Nanoparticles Find New Role in Process Control

New technique allows for restricting phase growth in advanced materials

Nanomaterials are different in many ways from their macro-scale counterparts. That’s why they are interesting and useful for new technology. Their unique properties also make it difficult to process them by conventional means. A new technique, however, actually uses  nanomaterials to control processing.

In a paper entitled, “Rapid control of phase growth by nanoparticles,” researchers at UCLA describe how the process works. “After phase nucleation, the nanoparticles spontaneously assemble, within a few milliseconds, as a thin coating on the growing phase to block/limit diffusion, resulting in a uniformly dispersed phase orders of magnitude smaller than samples without nanoparticles.”

The nanoparticles segregate to the surface and prevent coalescence, even under “harsh” conditions such as high temperature. This same general concept is actually used to create many types of nanoparticles which will agglomerate into larger particles quickly if not stopped by passivating them with  ligands, for example. In a bit of a plot twist, the particles are now serving in an analogous role to passivate larger phases.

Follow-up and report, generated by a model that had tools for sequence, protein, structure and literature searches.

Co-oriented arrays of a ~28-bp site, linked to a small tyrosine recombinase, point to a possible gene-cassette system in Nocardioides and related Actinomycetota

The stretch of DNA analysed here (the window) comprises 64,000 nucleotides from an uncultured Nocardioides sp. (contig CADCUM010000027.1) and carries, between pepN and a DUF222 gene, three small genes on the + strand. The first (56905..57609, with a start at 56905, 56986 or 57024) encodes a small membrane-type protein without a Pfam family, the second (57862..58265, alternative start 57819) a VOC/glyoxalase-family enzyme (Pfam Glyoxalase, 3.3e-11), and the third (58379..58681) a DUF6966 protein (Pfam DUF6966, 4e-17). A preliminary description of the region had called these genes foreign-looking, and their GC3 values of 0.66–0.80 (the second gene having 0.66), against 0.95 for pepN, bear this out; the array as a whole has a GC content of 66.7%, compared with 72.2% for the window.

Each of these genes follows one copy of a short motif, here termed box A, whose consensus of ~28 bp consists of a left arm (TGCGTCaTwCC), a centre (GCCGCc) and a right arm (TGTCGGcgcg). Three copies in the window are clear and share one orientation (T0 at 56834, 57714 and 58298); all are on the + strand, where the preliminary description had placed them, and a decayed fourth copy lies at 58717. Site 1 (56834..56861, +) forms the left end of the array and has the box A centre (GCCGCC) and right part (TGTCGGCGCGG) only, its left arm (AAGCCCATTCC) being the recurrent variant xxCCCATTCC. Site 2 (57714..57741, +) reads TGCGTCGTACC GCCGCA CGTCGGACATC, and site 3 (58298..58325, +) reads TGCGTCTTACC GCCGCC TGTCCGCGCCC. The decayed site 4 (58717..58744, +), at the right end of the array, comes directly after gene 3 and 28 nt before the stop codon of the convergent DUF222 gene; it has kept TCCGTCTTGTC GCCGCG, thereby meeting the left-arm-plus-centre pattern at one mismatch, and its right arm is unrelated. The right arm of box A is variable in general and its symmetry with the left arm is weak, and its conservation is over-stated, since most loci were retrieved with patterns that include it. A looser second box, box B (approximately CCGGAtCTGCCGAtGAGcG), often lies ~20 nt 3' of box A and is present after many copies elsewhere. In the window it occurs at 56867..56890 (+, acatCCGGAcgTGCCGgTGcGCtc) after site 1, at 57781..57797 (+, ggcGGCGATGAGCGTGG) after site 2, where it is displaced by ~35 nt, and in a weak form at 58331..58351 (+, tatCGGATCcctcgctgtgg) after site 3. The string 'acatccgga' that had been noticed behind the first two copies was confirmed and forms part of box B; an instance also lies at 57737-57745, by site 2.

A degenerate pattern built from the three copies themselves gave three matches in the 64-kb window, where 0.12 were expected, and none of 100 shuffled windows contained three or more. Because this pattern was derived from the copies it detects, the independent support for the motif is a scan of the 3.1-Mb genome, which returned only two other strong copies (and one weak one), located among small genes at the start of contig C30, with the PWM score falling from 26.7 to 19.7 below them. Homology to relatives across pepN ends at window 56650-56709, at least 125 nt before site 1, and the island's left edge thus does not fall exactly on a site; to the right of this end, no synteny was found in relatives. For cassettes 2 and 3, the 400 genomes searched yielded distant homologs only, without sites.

As described in a related press release, the researchers examined the effect of nanoscale titanium carbonitride in the aluminum-bismuth system. Aluminum and bismuth are largely immiscible as they are cooled from the liquid state, and the two phases separate readily during processing (top of figure). To maintain a fine dispersion of bismuth (middle and bottom of figure), the nanoparticles were added to the molten mixture, ultrasonically dispersed and then segregated to the phase boundary during cooling which quickly suppresses the growth of bismuth nuclei.

The more uniform the dispersion of the immiscible phase is, the more uniform the properties will be. While the aluminum-bismuth alloys generated this way are useful for a variety of applications such as self-lubricating bearings, the concept goes beyond this alloy system and beyond alloys altogether.

This stabilization method can be applied to organic materials also, and the group demonstrated that methanol and cyclohexane could be treated similarly with boron carbide nanoparticles. This helps establish the universality of the technique. Many other materials (and associated technologies) may be aided by this approach as well.